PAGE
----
A question that job seekers should always ask of potential employers is, “Why should I work in your industry?” It is an important question when you consider that only 60 of the original Fortune 500 companies from 1955 are still in existence in 2017. Changing customer tastes, mergers, technology and many other reasons are responsible for this, but it does give us at least one key takeaway: the company I start my career with probably won’t be the one I end it with. As a result, it is important to ensure the industry you go into will be able to stand the test of time.sand-to-systemspdf-1

When one enters an industry, be it as an engineer or an accountant, you begin to build specialized knowledge of that industry within your field. This provides you with a competitive advantage in the job market of that industry. Companies are willing to pay more for an engineer with experience in their industry than one they will have to train. If you suddenly find the industry you are in obsolete, all of your specialized knowledge becomes likewise obsolete. For example, someone who was an engineer in the cathode ray tube industry may not find themselves as competitive for the top jobs anymore. 

The electronics manufacturing industry is an exciting place to be, and there is no immediate replacement or end in sight. When you join a company like Cimetrix you have the opportunity to develop and support the software that runs manufacturing equipment in factories worldwide. Those factories create computer memory and processor chips, RF and microwave transmitters, sensors and actuators of all shapes and sizes, power devices and amplifiers, display drivers, and many more items that go into the electronics we use every day. 

You are also part of an industry that meets the demands of many different and diverse end users, providing some shelter from the ups and downs of any particular market. When cell phones became less popular in favor of smart phones, the demand for new products didn’t go away—it simply changed the type of products were called for.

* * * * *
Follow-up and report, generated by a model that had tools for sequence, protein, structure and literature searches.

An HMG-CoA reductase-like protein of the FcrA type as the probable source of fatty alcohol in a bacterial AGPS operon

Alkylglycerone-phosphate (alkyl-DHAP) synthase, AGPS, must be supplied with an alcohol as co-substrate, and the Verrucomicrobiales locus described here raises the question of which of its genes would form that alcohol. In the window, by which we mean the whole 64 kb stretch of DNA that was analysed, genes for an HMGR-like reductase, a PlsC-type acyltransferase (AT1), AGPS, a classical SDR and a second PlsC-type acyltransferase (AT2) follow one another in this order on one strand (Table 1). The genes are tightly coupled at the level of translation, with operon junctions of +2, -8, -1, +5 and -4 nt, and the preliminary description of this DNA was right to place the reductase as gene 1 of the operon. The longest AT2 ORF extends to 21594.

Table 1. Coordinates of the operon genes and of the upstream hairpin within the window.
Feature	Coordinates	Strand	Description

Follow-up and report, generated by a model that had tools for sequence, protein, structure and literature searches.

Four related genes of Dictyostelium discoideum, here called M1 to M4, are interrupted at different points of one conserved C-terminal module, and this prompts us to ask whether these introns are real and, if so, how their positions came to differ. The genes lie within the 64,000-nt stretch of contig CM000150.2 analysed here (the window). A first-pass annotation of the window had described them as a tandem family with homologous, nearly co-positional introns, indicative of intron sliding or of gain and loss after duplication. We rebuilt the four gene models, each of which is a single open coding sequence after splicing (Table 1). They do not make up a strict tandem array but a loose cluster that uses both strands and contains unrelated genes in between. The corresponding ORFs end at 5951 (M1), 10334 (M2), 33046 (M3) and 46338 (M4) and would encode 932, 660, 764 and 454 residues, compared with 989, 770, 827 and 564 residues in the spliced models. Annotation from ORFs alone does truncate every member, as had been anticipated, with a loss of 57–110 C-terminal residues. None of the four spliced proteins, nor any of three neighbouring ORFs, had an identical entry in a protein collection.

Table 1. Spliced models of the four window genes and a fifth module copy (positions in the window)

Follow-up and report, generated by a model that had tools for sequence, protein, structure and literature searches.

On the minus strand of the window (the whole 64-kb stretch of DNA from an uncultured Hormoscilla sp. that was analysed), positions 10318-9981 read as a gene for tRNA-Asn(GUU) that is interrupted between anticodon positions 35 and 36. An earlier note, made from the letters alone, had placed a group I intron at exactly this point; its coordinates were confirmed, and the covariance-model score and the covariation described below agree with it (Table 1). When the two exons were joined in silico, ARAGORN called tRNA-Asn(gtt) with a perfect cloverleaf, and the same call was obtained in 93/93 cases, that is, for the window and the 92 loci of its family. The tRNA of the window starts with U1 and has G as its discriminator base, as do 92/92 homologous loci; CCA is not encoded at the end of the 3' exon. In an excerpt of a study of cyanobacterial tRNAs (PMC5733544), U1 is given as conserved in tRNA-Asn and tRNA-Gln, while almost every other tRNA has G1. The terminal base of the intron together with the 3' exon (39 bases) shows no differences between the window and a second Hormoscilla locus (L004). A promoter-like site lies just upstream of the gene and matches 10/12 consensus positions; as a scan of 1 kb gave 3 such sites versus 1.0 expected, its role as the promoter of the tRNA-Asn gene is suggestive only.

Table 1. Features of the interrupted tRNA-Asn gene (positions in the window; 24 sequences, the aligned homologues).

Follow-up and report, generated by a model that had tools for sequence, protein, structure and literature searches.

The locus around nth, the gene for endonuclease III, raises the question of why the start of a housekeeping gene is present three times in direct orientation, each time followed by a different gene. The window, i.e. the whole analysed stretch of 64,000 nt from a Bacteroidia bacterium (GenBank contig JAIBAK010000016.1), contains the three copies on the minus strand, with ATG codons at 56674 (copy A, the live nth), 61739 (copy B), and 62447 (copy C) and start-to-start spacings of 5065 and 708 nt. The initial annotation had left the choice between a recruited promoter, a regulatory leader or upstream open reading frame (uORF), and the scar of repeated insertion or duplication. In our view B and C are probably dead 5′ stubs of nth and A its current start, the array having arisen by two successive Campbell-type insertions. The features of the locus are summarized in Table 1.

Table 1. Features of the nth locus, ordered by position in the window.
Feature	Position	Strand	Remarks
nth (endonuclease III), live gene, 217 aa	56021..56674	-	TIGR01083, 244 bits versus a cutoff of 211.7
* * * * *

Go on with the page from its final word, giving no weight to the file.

One specific benefit of life at Cimetrix is that we are an integral part of the the electronics manufacturing and related industriesy. We often refer to one another as family, we take care of each other, celebrate our successes and create an environment where people enjoy coming to work. We have very competitive benefits and compensation, so we can pay you what you are worth. Many employees even have the option of working from home up to three days a week, saving them wear and tear on their vehicles (and their nerves from driving in traffic!).

If you are ready to join an exciting, dynamic, growing and fun industry, please check out our open positions.

Careers

Topics: Cimetrix Company Culture, Smart Manufacturing/Industry 4.0, Cimetrix Products

The Giga Factory Minute Series: Industry Drivers

Posted by Alan Weber: Vice President, New Product Innovations on Feb 27, 2019 1:19:00 PM

Giga FactoryIt’s time for another episode in our Giga Factory Minute series... And in keeping with the theme of moving around the clock, we see that the focus of this month is “process steps completed.” However, rather than focus on manufacturing processes, we’ll use this opportunity to highlight an important industry process that is underway. Specifically, I’m referring to the role that the automotive market has in quite literally “driving” important segments of the semiconductor and electronics industries. Even as portions of the industry forecast a slowdown over the next 6-9 months, those in the automotive sectors are busier than ever.